I’m so sorry. You were told that was your key to the golden age of multicloud nirvana. You believed that Kubernetes would give you portability to move applications seamlessly between clouds, whether running in your data center or on a public cloud. It’s not really your fault. Vendors have been promising all sorts of magical things with regard to portability and Kubernetes.
Unfortunately, to put the kibosh on the Kubernetes-for-portability panacea. As analyst Marco Meinardi writes, when asked whether companies should embrace “Kubernetes to make their applications portable… the answer is: no.”
It’s not that Kubernetes can’t be used to make applications portable. It can. But the nature of that portability differs from how it’s commonly conceived. So how should companies think about Kubernetes-driven portability?
Can’t get there from here
First, let me suggest that the whole idea of multicloud might be wrongheaded. Now, I could be biased. After all, I do work for a cloud provider (AWS). However, I like to think that my bias against multicloud, magical-application-portability thinking stems from it being a really bad idea. long before I joined AWS, “Vendors are cleaning up by selling multicloud snake oil while customers keep getting stuck with lowest common denominator cloud strategies and sky-high expenses.”
Of course I’m not the only one with this view. , who has made a living by snarkily trashing bad IT practices, believes multicloud is “the worst practice” for a host of reasons. As Quinn has written:
[T]he idea of building workloads that can seamlessly run across any cloud provider or your own data centers with equal ease… is compelling and something I would very much enjoy.
However, it’s about as practical as saying “just write bug-free code” to your developers—or actually trying to find the spherical cow your physics models dictate should exist. It’s a lot harder than it looks.”
Which brings us to Gartner.
, saying that “transparent, incognizant workload movement is only possible on vanilla container platforms for the simplest of applications.” He then lists a range of hurdles that get in the way of Kubernetes-based portability, including dependence on native cloud features (managed databases, serverless functions, etc.), the difficulty of federating user identity and security policies across platforms, and more.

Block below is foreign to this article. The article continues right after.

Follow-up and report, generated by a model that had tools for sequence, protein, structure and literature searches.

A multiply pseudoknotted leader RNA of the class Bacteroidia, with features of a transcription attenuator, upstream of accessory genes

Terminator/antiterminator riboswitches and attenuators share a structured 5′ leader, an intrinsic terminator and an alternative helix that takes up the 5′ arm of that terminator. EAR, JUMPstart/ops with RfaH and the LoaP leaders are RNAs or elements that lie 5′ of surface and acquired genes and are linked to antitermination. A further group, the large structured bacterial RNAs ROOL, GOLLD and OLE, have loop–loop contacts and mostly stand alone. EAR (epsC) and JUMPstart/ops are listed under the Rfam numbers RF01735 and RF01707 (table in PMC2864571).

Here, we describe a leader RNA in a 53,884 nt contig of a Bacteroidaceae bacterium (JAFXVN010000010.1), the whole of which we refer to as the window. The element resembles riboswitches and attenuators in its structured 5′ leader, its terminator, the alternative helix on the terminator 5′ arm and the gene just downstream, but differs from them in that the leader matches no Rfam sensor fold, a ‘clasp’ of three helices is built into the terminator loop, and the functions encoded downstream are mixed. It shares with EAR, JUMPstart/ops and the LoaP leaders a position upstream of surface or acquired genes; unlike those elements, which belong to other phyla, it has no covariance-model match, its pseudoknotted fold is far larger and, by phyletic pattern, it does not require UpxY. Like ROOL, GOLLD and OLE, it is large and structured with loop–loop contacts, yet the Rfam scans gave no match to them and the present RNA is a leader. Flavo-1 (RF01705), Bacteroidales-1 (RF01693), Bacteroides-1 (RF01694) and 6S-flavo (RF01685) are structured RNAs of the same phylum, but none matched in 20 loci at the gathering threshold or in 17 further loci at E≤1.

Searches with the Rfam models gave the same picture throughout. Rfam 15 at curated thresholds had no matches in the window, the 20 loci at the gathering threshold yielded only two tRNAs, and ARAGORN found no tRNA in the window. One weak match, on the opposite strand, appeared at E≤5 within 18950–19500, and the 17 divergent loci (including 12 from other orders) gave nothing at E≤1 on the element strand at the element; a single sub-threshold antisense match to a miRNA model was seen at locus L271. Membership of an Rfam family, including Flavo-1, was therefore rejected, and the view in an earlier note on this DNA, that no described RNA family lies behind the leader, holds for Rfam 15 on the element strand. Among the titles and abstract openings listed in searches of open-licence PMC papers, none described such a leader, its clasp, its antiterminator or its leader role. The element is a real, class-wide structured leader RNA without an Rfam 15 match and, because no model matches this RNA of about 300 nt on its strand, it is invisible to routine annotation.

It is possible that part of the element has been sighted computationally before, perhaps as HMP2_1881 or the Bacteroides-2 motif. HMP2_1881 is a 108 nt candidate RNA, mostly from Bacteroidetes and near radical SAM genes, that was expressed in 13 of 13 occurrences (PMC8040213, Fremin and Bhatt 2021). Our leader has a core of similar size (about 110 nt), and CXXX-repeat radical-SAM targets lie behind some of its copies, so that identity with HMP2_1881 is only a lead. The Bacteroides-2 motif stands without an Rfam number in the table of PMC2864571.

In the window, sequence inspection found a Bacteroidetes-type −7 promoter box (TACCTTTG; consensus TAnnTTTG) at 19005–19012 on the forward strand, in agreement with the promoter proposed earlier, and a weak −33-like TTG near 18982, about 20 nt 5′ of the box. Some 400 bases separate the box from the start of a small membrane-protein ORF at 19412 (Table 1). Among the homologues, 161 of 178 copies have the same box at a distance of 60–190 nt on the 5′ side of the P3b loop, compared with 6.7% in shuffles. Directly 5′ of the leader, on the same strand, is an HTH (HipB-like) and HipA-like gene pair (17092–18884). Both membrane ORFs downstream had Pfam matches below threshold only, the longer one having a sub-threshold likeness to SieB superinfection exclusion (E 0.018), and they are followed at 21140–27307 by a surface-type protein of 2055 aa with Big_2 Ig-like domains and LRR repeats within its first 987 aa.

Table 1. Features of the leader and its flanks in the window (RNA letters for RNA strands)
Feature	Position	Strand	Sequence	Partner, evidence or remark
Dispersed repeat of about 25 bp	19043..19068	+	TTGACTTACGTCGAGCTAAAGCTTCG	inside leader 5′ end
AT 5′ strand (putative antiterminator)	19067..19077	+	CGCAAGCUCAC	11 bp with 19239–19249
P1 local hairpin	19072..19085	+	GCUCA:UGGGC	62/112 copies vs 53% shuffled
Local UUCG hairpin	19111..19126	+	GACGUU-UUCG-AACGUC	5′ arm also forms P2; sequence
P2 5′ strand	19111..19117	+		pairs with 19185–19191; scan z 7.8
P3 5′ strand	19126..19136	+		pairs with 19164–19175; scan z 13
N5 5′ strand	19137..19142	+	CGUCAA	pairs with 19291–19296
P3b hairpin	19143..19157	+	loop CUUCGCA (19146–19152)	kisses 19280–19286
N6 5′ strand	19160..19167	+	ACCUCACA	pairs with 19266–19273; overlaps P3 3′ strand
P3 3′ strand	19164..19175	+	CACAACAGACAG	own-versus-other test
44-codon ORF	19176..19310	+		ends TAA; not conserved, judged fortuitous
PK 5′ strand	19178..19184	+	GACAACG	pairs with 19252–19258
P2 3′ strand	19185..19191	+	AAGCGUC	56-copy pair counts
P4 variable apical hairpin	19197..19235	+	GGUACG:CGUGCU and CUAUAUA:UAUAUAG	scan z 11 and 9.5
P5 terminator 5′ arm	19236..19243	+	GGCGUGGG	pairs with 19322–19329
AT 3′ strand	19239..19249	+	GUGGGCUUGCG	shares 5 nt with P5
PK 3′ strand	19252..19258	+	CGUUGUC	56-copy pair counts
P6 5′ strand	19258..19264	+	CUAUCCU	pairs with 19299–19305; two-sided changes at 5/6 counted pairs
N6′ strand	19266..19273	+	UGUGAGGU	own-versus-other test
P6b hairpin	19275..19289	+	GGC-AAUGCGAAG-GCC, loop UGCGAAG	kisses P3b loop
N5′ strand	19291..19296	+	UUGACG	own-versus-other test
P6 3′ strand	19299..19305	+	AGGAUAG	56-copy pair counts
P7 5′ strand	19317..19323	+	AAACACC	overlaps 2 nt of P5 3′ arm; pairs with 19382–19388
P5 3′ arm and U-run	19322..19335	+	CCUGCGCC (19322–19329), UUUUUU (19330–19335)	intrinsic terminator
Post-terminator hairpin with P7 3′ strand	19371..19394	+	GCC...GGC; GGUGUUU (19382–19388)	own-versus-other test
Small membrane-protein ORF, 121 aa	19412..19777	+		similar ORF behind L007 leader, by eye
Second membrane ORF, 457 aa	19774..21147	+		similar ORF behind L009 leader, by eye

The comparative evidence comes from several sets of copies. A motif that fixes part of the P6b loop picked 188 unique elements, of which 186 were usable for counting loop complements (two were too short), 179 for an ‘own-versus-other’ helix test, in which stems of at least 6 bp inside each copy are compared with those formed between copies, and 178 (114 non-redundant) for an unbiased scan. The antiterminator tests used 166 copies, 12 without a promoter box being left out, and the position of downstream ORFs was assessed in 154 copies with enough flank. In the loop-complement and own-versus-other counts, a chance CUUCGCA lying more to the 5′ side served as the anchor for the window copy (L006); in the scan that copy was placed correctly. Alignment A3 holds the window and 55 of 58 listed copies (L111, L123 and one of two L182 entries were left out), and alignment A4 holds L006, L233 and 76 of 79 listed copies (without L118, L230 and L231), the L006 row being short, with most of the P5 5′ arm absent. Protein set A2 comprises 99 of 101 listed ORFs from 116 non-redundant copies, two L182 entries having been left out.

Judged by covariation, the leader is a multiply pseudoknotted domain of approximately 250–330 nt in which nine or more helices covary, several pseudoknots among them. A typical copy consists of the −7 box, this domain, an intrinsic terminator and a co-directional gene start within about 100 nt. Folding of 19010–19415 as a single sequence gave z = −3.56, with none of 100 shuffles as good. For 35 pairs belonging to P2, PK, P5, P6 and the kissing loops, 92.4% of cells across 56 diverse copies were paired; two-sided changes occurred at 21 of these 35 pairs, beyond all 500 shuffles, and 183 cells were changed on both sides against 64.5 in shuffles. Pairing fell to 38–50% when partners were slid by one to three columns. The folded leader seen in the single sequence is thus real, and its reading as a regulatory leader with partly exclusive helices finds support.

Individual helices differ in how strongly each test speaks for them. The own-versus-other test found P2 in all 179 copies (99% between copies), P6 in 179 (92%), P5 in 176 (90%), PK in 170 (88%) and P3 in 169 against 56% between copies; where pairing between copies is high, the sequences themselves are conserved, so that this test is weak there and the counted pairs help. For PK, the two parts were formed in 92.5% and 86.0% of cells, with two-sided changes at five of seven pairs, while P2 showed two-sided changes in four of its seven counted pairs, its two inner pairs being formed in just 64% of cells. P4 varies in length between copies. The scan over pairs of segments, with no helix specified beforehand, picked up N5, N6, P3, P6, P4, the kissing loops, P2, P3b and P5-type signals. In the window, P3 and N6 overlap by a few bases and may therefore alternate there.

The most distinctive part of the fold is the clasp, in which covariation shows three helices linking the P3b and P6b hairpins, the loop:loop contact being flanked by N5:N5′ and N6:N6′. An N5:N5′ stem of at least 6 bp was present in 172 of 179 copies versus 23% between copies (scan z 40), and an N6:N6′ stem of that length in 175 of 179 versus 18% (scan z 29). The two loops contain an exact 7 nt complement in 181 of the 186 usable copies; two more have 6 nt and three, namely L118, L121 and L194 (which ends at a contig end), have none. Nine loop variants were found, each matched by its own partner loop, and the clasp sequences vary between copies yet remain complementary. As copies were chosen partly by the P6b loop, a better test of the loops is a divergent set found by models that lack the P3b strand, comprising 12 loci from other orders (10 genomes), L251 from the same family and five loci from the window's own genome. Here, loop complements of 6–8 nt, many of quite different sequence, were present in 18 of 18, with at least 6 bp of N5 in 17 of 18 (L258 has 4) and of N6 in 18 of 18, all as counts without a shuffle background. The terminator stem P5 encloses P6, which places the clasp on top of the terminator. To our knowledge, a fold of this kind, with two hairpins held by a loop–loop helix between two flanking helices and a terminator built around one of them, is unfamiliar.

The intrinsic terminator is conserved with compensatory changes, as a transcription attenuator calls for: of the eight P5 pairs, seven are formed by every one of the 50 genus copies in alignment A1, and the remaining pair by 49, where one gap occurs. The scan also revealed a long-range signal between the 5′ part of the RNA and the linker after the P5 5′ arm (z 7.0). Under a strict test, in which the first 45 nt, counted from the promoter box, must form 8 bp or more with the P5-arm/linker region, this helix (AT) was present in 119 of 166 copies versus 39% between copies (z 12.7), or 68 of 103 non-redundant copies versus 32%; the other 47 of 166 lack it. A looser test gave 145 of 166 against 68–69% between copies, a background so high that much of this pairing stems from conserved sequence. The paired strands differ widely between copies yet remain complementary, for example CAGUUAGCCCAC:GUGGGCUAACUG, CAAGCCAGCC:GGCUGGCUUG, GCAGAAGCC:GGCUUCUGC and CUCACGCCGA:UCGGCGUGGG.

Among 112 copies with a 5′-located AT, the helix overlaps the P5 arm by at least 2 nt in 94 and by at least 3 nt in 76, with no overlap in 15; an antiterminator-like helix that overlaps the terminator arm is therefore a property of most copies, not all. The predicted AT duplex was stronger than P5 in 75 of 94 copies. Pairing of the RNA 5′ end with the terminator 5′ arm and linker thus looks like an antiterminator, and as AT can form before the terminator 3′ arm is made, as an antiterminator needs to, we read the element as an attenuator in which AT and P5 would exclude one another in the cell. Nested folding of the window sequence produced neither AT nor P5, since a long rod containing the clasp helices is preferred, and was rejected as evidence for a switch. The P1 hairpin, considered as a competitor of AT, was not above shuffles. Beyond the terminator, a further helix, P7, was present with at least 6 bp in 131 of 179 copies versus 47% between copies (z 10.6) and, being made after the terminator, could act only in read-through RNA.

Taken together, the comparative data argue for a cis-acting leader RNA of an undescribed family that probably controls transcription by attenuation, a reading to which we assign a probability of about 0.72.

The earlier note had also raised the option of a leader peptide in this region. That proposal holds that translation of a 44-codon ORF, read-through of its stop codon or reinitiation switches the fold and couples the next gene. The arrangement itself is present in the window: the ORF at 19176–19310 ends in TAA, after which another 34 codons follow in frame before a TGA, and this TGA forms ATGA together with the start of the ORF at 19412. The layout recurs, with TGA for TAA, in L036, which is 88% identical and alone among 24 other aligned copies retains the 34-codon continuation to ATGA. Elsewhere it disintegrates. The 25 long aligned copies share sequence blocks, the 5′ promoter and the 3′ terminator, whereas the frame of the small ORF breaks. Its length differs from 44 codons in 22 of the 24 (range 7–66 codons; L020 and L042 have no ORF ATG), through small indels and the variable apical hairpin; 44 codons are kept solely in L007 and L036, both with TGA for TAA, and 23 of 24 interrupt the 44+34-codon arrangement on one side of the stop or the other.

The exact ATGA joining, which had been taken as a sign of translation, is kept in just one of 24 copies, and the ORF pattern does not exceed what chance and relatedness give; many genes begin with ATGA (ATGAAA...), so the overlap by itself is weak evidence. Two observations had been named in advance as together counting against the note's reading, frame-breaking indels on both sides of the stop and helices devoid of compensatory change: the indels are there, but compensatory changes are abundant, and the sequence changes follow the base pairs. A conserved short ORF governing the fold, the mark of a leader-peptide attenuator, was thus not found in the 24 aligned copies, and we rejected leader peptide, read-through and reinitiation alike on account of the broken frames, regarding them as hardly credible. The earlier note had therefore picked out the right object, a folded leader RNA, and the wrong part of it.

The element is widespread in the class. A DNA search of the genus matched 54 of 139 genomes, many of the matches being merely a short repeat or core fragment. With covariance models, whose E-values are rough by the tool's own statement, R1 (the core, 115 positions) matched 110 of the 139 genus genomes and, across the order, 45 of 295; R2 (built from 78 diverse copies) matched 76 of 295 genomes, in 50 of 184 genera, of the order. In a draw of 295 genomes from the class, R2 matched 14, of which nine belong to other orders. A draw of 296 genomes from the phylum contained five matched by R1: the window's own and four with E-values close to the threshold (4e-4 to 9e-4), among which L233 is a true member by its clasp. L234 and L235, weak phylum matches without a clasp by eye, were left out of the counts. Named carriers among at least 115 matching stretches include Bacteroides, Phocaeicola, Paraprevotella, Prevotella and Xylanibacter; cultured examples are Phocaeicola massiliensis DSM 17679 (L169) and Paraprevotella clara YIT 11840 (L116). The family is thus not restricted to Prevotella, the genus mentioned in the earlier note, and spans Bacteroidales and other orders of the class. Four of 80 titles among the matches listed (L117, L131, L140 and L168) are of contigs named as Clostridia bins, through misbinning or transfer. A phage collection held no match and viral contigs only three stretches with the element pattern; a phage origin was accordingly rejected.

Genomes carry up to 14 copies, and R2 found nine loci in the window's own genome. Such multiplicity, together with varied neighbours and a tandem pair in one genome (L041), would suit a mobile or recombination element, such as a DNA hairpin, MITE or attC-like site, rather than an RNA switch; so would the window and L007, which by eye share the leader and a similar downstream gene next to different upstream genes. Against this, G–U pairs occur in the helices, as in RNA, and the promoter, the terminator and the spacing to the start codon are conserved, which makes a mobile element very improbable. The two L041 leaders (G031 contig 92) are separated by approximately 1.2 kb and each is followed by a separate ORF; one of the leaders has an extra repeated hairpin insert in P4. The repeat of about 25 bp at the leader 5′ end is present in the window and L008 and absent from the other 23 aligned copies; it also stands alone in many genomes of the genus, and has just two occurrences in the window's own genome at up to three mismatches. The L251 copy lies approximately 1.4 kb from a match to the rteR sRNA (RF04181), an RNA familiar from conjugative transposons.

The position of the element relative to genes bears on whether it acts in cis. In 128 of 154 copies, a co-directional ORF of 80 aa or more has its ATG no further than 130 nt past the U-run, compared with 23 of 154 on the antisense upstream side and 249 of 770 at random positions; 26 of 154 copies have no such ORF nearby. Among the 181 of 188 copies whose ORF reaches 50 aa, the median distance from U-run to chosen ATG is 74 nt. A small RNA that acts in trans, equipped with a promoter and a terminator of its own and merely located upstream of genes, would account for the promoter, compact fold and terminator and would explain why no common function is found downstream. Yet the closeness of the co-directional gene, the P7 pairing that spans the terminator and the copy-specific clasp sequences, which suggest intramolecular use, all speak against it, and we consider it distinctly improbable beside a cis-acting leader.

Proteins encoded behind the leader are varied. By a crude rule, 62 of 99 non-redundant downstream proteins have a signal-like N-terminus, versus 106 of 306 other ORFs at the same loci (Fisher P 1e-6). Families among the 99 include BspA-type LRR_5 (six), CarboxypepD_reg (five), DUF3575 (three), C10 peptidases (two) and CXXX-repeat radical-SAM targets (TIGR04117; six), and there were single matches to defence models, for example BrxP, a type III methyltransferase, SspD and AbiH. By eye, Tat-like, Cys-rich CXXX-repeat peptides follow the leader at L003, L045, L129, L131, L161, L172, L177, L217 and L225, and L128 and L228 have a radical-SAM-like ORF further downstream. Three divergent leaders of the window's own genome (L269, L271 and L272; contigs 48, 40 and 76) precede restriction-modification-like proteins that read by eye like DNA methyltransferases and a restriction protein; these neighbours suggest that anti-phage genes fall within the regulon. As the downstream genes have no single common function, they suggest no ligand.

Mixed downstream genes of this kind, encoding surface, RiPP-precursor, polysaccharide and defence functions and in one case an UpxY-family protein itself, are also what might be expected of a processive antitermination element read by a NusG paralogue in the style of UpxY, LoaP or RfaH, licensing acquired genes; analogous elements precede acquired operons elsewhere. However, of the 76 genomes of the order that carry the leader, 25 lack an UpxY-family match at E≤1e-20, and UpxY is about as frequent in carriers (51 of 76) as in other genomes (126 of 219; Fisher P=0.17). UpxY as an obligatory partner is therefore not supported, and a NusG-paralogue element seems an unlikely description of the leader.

, and that portability makes more sense if you think of the timeframes in terms of years rather than days or weeks, as . (Miles Ward concurs, , “Our customers [want to] evaluate every few years, not every week; they just want it easy if the landscape changes.”) Rather, it’s just that this isn’t common (for the reasons identified above), nor is it as important as other aspects of portability.
Perhaps the most important way to think about portability :
The point is “skills portability” due to using a standard operating model and tool chain. Large organisations want developers to use standard ways of working because this reduces training costs, and removes obstacles to staff moving from project to project. It also makes it easier and cheaper to apply policy if your “platform” (or platforms) are based on the same core set of cloud native tools.
This view is by Knative co-founder Matt Moore (“the real win is the portability of concepts and tools”). Or, as , “It’s nice to have transferable skills.”
, “The portability is that the same approach can be used regardless of cloud, data center, edge, laptop, stateless, stateful, AI/ML, etc.”
In this way, Kubernetes is incredibly important, offering “people portability” that is good for individuals and corporations. It’s not magical application portability. It’s something much better.
Copyright © 2020 IDG Communications, Inc.